Friday, November 28, 2008

Climate change

I've been seeing quite a few of these types of articles lately.

I find it a bit strange that a lot of people even have opinions on climate change at all: it's something that we simply cannot control - and by that I mean this: what have you done today specifically for the sake of attempting to change global temperatures? Yesterday? The day before? Nothing. That's what.

Some say economists don't like voting because they know that, statistically speaking, their one vote will not win any elections. They are right in one important sense: the weight of people's actions varies per person. Al Gore and environmentalists had a lot of influence in what is being done today about global warming, just like people who worked on election campaigns and news agencies had more influence on elections than the average Joe. You and I haven't done anything compared to that. Voting for a new president really doesn't count - the resulting policy would be the same regardless because, realistically, there are far more people convinced by political/scientific/pseudo-scientific propaganda than there are people willing to vote differently due to environmental ideology and their own research. Besides, the policy doesn't change because one or another layman voted for the green party. It'll be whatever the world leaders decide. Sure, there's lobbying, but you aren't doing it, which brings us back to the point that a few people's actions weigh differently by several orders of magnitude.

What I think we need to realize is that not wanting to die from a phenomenal ecological disaster is not the same as caring about global warming. Caring means doing an extraordinary effort to accomplish something. Talking about an idea that we're not comfortable about (e.g. dying in agonizing starvation) is not effort, it's simply insecurity.

What matters

What I'm saying is that it doesn't matter if the world is going to end, just like it doesn't matter what your neighbour is doing for dinner. All of these factors are pretty much chaotic (and yes, what your neighbour bought for dinner has an impact on farming and manufacturing, and therefore on the environment). Others who have careers in the respective fields will do all the work to shape the environment of the future. So I ask, why worry about it?

Thursday, November 27, 2008

Syllable hyphenation rules

Who in the world invented these rules? Seriously, latin-based language syllables and asian phonetic systems are so much easier to deal with. Argh! :P

Sunday, November 23, 2008

xhr caching

A XmlHttpRequest caching test suite.

My problem right now is that I want to actually make use of caching (what a novel concept eh?) and that caching xhr doesn't seem to be quite possible (at least out of the box).

Recursion

Interesting.

Collective vandals

This reminds me of the Lucifer Effect experiment.

It's also something I've noticed in online games. I had many friends who started hacking after it became common knowledge that cheating the game was possible (and that admins weren't doing much about it).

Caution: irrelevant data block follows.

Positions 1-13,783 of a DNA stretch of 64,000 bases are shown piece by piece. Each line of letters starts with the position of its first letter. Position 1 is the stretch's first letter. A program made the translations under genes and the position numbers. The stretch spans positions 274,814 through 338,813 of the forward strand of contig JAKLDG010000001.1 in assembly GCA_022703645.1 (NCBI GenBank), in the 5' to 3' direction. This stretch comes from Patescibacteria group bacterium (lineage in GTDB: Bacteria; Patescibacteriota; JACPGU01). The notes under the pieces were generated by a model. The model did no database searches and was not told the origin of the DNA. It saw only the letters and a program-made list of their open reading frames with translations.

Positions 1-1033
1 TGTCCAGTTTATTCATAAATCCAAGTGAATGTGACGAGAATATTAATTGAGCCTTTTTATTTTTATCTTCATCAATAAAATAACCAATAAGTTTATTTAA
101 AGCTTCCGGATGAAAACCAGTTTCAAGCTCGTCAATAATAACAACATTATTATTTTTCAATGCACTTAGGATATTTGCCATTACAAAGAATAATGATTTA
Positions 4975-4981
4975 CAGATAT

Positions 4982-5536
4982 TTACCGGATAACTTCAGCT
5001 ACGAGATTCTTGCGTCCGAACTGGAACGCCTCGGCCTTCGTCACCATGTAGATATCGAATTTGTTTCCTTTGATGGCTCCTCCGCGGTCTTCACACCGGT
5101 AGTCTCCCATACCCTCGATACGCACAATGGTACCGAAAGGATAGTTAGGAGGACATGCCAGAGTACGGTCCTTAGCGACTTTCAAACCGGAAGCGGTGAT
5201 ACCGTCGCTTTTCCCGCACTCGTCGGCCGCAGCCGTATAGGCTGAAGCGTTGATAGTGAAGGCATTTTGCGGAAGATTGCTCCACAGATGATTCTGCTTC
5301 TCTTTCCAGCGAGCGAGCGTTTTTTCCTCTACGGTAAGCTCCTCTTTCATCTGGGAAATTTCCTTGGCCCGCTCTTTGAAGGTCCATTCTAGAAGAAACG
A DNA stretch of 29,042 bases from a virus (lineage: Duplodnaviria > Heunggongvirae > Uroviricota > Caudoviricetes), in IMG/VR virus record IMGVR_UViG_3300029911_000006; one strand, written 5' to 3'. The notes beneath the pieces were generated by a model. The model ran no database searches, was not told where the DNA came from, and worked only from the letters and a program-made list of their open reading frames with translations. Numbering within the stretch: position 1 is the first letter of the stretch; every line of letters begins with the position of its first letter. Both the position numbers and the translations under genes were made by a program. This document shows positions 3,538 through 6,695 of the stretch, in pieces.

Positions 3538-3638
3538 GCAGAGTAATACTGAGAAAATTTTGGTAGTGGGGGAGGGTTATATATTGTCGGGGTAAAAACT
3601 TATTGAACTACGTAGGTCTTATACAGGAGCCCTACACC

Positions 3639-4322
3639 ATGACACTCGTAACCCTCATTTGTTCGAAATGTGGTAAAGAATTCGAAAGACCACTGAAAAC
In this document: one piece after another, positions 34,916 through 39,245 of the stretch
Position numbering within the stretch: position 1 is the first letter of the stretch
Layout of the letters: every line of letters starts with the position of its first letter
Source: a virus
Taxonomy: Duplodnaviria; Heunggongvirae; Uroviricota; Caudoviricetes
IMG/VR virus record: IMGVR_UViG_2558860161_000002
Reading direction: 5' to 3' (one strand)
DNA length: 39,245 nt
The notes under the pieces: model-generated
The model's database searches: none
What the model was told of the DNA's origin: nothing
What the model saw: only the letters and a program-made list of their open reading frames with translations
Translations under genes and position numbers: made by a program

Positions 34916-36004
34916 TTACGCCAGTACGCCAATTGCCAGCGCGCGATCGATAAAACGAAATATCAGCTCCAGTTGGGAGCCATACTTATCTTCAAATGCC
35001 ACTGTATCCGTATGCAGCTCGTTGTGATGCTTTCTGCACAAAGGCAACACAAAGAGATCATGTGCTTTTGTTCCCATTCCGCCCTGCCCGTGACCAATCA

This phenomenon is particularly annoying because in an ideal development life cycle, you need to do things in orderly steps: write code, test, deploy. It's not something you can do in a matter of hours. Addressing game mechanics abuse, on the opposite hand, requires immediate action to prevent damage to the collective perception of the game.

Having hacked items polluting the database isn't a big deal in itself, but having the entire community thinking it's ok to google for hacks can negatively affect bottom lines in several ways: when users quit, when you have to start to compete against gold-selling sites and shady eBay auctions (this applies mostly to micro-payment models, like Nexon or Ntreev games), when the time it takes to get from level 1 to some considerably high level becomes so short that the social value of the game diminishes, when new players are turned off by a sour greedy community, etc. It can really spiral out of control.

Some might think that hiring more moderators can fix the social problem, but in reality, that's the same as a company adding more people to a call center and expecting customer satisfaction to go up. Relying on a horde of minimum-wage workers to save a business is just foolish.

I suppose a better solution would start in the design phase of the game, but judging from the quality of many games out there, I think it's safe to say it's incredibly hard to get it right.

Virtual economics

Very interesting article. Just because a game uses pixelated coins as money, it doesn't mean its economics are any simpler than real life.

Thursday, November 20, 2008

Romney on the auto industry

He says it should go bankrupt.

Doesn't it suck when you live in a country where cars are a must have?

16 seconds

Am I the only one who thinks this is stupid?

Look ma, no flash

Audio using embeds. Pretty neat. I'm pretty sure you can use object tags too.

What i wonder is why is it that people like to spend so much time doing something that:

  1. can be done much easier and better in flash
  2. will be supported by a completely different native API in HTML 5

Sunday, November 16, 2008

Friday, November 14, 2008

Videos in videos

This is pretty darn cool, but not what quite the same as "agenda payloads" that I mentioned a while back.

Virtual Immersion

Apparently using virtual reality immersion dramatically improves the recovery of burn victims.

I wonder how much the goggles cost.

Ron Paul

What do Peter Schiff and Ron Paul have in common? They are both proponents of Austrian economics. Hmm.

Interview with Peter Schiff

You may have seem videos of him predicting the economic meltdown as naysayers laughed. Here's an interesting interview with him from a few months back.

Thursday, November 13, 2008